Published by BBC NEWS - 9th March 2024
  • Published
picture of Sandra EastwoodImage source, PHSO

Cancer patients could be at risk due to overstretched and “exhausted” health staff in a “system at breaking point”, England’s NHS ombudsman has warned.

Rob Behrens’ office carried out 1,019 investigations related to cancer between April 2020 and December 2023 – with 185 upheld or partly upheld.

Issues included delays in diagnosis, treatment and pain management.

The Department of Health and Social Care said record numbers of people had been treated in the last two years.

Meanwhile recent analysis by the BBC revealed cancer waiting times in England last year were the worst on record.

Mr Behrens, the parliamentary and health service ombudsman who investigates unresolved complaints against NHS England, said everyone deserves safe and effective care.

He added: “But patient safety will always be at risk in environments that are understaffed and where staff are exhausted and under unsustainable pressure.”

He called for concerted and sustained government action to ensure NHS leaders could prioritise the safety of patients.

“A key part of this is investing in the workforce, for today and for the long term, including providing full funding for the long-term workforce plan,” he added.

Problems investigated by his team included concerns about poor communication, end-of-life care and how complaints were handled.

Most were about lung cancer, followed by breast cancer and colorectal cancer – some of the most common cancers in the UK.

picture of Sandra Eastwood

Image source, PrHO

One investigation involved the death of Mrs Sandra Eastwood, whose rare cancer was not diagnosed for nearly a year, after scans were not interpreted correctly.

The delay meant she missed out on the chance of very effective treatment that could have prolonged her life, according to the report.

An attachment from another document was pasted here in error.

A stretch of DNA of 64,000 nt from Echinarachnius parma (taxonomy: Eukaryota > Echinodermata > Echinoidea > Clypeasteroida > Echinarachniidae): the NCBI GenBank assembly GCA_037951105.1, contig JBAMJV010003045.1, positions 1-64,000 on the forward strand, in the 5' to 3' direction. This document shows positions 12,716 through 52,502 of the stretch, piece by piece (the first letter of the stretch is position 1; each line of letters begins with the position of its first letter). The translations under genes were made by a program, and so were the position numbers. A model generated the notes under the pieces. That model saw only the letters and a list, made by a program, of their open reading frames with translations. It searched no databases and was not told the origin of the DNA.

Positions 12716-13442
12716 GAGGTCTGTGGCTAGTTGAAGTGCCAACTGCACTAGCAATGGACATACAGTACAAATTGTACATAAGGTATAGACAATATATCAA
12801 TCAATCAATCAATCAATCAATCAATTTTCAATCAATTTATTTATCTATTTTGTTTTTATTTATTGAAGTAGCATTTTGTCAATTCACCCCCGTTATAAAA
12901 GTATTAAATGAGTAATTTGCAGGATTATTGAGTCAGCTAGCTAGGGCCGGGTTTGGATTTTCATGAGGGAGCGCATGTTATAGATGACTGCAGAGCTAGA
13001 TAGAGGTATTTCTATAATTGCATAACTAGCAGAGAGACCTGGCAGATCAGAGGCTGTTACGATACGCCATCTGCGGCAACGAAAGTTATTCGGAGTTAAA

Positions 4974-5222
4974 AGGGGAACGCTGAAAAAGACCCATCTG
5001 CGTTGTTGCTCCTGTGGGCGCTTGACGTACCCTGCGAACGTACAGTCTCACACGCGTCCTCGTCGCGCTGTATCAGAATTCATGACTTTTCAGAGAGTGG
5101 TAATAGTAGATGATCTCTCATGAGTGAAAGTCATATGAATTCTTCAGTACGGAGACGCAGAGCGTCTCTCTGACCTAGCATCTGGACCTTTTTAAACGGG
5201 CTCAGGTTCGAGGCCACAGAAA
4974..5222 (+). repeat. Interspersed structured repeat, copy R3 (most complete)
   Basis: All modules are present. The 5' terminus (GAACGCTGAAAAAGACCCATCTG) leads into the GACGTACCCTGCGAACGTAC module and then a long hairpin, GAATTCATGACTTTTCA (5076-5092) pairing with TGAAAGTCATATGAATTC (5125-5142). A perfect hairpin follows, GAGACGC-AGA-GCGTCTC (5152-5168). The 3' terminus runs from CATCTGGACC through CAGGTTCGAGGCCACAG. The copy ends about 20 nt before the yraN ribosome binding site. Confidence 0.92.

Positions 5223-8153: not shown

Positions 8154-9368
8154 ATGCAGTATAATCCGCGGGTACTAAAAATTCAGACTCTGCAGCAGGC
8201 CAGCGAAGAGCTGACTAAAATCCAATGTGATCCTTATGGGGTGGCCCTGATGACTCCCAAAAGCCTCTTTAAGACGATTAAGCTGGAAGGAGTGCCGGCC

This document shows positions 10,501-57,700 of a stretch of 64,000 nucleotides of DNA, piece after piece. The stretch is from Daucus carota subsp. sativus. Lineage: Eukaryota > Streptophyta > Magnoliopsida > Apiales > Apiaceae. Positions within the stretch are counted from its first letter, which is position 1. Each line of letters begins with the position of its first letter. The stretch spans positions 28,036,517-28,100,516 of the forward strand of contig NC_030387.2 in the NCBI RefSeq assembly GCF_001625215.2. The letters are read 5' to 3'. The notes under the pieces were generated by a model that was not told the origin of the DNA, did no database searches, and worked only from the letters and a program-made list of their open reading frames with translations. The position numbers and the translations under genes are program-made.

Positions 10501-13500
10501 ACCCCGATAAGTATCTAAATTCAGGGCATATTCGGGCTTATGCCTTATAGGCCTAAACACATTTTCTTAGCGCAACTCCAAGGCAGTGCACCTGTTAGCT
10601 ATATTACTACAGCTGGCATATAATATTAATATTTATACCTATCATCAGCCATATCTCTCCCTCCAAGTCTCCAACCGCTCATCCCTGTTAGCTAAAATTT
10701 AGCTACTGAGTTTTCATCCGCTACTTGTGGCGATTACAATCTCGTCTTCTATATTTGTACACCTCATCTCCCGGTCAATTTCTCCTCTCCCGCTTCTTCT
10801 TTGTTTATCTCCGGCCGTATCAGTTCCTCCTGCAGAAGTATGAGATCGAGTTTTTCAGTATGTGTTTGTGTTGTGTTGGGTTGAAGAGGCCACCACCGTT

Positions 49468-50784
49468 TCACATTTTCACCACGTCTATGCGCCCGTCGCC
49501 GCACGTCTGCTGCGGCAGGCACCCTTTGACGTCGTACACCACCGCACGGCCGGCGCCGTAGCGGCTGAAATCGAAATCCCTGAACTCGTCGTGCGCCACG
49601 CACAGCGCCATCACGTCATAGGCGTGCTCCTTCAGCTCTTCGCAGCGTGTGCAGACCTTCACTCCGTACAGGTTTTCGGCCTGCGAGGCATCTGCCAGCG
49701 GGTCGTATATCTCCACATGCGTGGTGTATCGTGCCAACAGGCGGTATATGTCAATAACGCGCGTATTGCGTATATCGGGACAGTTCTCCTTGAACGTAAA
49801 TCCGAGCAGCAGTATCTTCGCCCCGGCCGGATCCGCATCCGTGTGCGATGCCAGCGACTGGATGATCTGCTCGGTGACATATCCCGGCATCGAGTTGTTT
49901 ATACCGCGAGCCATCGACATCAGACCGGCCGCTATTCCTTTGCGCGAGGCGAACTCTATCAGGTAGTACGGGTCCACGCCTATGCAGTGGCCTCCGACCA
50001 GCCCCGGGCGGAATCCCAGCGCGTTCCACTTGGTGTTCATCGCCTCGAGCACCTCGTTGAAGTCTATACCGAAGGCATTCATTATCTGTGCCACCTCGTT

Mrs Eastwood, who lived in York, died in 2022, with a rare digestive system cancer called gastrointestinal stromal tumour.

In June 2020 she went to hospital with abdominal pain.

CT scans showed a mass which medics put down to a blood clot caused by medication she was taking for a unrelated heart valve replacement.

The following May her symptoms worsened and she returned to hospital and was diagnosed with GIST.

The report found that if Mrs Eastwood had been diagnosed earlier and scans interpreted correctly, the cancer might not have spread and she may have been eligible for surgery.

John, her husband of 54 years, said: “Sandra was wonderful. I worked away a lot when our two children were young and she did absolutely everything for them. She loved baking, making jams and chutneys, and travelling.

The 79-year-old continued: “I feel absolutely disgusted with the care she received from the hospital. They didn’t investigate the scan results and just put it down to Warfarin [her medication] straight away.

“It seemed like the medical teams did not communicate with each other and everything felt very disjointed. They left her in agony for months before she died.

“The whole experience was very distressing, which is why I went to the ombudsman. I didn’t want this to happen to anybody else.”

A spokesperson for York and Scarborough Teaching Hospitals NHS Foundation Trust said it “fully accepts” the ombudsman’s findings and apologised for the distress caused to Mrs Eastwood and her family.

The spokesperson added that the trust has made a number of improvements and agreed to change its practice following the case.

Mr Behrens said: “What happened to Mrs Eastwood was unacceptable and her family’s grief will no doubt have been compounded by knowing that mistakes were made in her care.

“Her case also shows, in the most tragic of ways, that while some progress has been made on my recommendations to improve imaging services, it is not enough and more must be done.

“Government must act now to prioritise this issue and protect more patients from harm.”

The Department of Health said: “The NHS has seen and treated record numbers of cancer patients over the last two years and cancer is being diagnosed at an earlier stage, more often, with survival rates improving across almost all types.

“We have invested £2.3bn into speeding up diagnosis and launched 154 community diagnostic centres across England.

“The NHS long-term workforce plan will boost the number of healthcare workers diagnosing and treating cancer, doubling the number of medical school and adult nurse training places.”

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